Building Vs. Buying Your First Home: Assessing The Pros And Cons

Building Vs. Buying Your First Home: Assessing The Pros And Cons

Building Vs. Buying Your First Home: Assessing The Pros And Cons

Home is where the heart is. Every individual has a dream of having a place to call home, where they can live peacefully knowing that it’s rightfully theirs. As you seek to find a place of your own, one of the common dilemmas is choosing whether to purchase an existing house from a real estate company or have your dream home built from the ground up.

Both options have their advantages and disadvantages. For that reason, you have to assess both alternatives and choose the one that suits you the most. Below is a detailed discussion on building versus buying your first home, particularly their pros and cons.

Building Your Own House

Doing this from scratch is a good choice if you already have a piece of land you can use. You get to purchase all the construction materials and hire the contractor you want for the job. If you go with this option, here are the pros and cons you can expect.

Pros Of Building

Here are just some of the benefits of going for home construction:

  • Customization: When building your house, contractors with vast professional experience, such as those from Jabconst.com, can help you design and erect a home with all the features you’ve been dreaming of. You can decide on things like the house’s theme, color of the walls, fixtures, overall layout, lights, and landscaping. For example, you can construct a basement that doubles up as a wine cellar, or ensure that the living and dining rooms have south-facing windows so you’ll be able to make the most of the light and heat coming from the sun.
  • Latest Building Designs: Building your house from scratch gives you the liberty of making it as modern and energy-efficient as possible. You’re free to paint it in fabulous color combinations that boldly speak of modernity. You can also install the latest security devices to make your home safer and protect it from break-ins. Seldom will you find such features in old or ready-built houses. And if you do find them, they appear more of an afterthought rather than part and parcel of the original design.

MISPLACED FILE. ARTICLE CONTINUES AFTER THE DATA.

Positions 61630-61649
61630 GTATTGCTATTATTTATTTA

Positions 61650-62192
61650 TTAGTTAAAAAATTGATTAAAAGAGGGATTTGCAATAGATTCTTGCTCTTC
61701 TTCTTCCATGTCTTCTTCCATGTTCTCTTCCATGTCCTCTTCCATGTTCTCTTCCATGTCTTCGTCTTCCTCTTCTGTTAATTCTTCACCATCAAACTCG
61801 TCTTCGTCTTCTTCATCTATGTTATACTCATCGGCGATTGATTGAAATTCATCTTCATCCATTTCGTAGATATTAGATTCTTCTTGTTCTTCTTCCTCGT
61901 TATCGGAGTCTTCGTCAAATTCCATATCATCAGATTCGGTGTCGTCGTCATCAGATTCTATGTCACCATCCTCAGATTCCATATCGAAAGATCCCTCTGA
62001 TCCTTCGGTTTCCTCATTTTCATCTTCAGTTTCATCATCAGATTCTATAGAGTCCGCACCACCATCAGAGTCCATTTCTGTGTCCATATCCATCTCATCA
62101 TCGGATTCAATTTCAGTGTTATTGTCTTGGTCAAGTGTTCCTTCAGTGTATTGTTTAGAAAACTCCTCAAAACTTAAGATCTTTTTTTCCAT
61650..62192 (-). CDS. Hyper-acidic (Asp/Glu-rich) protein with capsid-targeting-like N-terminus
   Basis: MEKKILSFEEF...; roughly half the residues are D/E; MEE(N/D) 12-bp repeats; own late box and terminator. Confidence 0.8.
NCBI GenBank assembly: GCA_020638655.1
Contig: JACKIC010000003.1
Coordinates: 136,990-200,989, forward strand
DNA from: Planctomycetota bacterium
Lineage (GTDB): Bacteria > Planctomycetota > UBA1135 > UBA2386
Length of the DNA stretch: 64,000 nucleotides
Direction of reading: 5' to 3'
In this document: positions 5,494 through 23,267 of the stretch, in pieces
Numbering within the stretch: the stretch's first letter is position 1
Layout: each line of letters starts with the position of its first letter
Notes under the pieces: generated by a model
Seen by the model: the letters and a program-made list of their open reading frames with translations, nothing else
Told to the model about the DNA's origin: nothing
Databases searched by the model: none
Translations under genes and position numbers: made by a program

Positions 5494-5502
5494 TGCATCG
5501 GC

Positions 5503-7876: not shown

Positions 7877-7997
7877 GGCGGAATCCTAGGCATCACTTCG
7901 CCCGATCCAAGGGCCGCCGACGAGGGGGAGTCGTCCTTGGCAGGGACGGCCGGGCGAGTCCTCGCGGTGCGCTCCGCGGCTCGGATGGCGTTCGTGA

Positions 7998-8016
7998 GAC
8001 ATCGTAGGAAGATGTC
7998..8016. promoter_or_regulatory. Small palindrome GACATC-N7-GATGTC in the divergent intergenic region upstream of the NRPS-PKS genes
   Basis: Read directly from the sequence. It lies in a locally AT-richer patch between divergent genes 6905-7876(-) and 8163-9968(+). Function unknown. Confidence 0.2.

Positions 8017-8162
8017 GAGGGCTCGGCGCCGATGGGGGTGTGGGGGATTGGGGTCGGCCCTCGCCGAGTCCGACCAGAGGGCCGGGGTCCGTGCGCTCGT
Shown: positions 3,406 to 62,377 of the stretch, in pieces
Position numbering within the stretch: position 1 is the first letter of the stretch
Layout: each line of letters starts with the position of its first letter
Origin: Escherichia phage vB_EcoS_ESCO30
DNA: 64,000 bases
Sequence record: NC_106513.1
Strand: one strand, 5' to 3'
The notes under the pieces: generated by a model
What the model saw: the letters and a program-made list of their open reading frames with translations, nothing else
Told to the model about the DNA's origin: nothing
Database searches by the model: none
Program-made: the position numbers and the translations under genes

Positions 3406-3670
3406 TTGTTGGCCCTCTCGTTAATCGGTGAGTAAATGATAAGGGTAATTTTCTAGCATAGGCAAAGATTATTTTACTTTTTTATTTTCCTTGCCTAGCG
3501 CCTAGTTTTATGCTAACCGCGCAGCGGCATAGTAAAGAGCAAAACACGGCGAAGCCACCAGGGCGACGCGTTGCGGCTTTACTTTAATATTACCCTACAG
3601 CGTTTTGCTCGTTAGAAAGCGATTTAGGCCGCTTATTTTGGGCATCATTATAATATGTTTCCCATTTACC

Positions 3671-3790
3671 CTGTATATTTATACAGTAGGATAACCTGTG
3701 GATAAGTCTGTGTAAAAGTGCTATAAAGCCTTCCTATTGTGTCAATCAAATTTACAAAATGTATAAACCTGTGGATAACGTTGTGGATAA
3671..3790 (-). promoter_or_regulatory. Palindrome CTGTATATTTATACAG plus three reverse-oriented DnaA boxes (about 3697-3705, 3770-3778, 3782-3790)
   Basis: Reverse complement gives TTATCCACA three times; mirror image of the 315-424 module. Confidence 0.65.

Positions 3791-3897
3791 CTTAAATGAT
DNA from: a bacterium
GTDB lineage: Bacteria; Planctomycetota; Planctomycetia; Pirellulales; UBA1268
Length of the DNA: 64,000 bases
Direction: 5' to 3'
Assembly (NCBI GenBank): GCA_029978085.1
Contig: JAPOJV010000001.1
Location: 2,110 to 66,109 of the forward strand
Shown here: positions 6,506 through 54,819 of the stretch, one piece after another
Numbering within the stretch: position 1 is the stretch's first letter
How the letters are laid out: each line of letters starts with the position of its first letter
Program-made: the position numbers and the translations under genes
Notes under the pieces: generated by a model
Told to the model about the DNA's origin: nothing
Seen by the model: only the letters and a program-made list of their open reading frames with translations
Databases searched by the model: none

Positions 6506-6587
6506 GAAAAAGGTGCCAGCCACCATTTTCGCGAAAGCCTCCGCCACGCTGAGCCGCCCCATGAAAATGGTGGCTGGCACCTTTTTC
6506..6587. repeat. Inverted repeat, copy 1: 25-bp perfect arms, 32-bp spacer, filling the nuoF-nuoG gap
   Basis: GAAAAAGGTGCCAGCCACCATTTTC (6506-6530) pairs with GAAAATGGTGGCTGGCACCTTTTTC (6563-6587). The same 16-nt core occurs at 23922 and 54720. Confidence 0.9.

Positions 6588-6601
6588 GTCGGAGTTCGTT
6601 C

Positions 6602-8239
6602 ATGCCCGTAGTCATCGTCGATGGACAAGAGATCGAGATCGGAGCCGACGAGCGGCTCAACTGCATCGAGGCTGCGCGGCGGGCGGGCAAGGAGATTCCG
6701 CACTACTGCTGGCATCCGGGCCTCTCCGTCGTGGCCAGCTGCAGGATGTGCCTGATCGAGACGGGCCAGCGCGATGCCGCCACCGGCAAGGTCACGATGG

• Reduced Maintenance And Repair Cost: If the builders do an excellent job, it’ll take quite some years before you start worrying about repairs or renovations. You don’t have to worry about an aging hot water system, a blocked drainage system, or a leaking roof as long as the construction was done correctly.
  • You Can Choose The Best Builder: When constructing your house, it’s in your power to choose a company that you believe will do an excellent job. An ideal builder should frequently be available to discuss the progress of the project with you, listen to your concerns, accept corrections, advise you accordingly, and do quality work. Additionally, they should charge a reasonable amount of money and ensure that the construction is completed within the agreed time frame.
  • Uniqueness: Building your own house allows you to pull out a never-seen-before design. Standing out from the crowd this way brings an incredible feeling of satisfaction. People in the neighborhood get to admire your sense of style, and your property might even become a source of inspiration to others who are looking to take the same route you did.
  • Saves You Money: You can decide to use budget-friendly construction materials to save some cash. For example, instead of purchasing new timber for framing and cladding, you can go for reclaimed timber. In the same sense, you can subtly incorporate corrugated metal sheets in your home, a practice usually overlooked by many homeowners.

Cons Of Building

Despite the several advantages listed above, building a house comes with the following disadvantages:

  • Delayed Occupancy: Building a house to completion may take several months or even years, depending on factors such as its size and the complexity of its design. During this period, you and your family have to stay elsewhere. Paying monthly rental fees and building a house at the same time might be discouraging as juggling between looking after your temporary home and overseeing the construction of your new one can be challenging.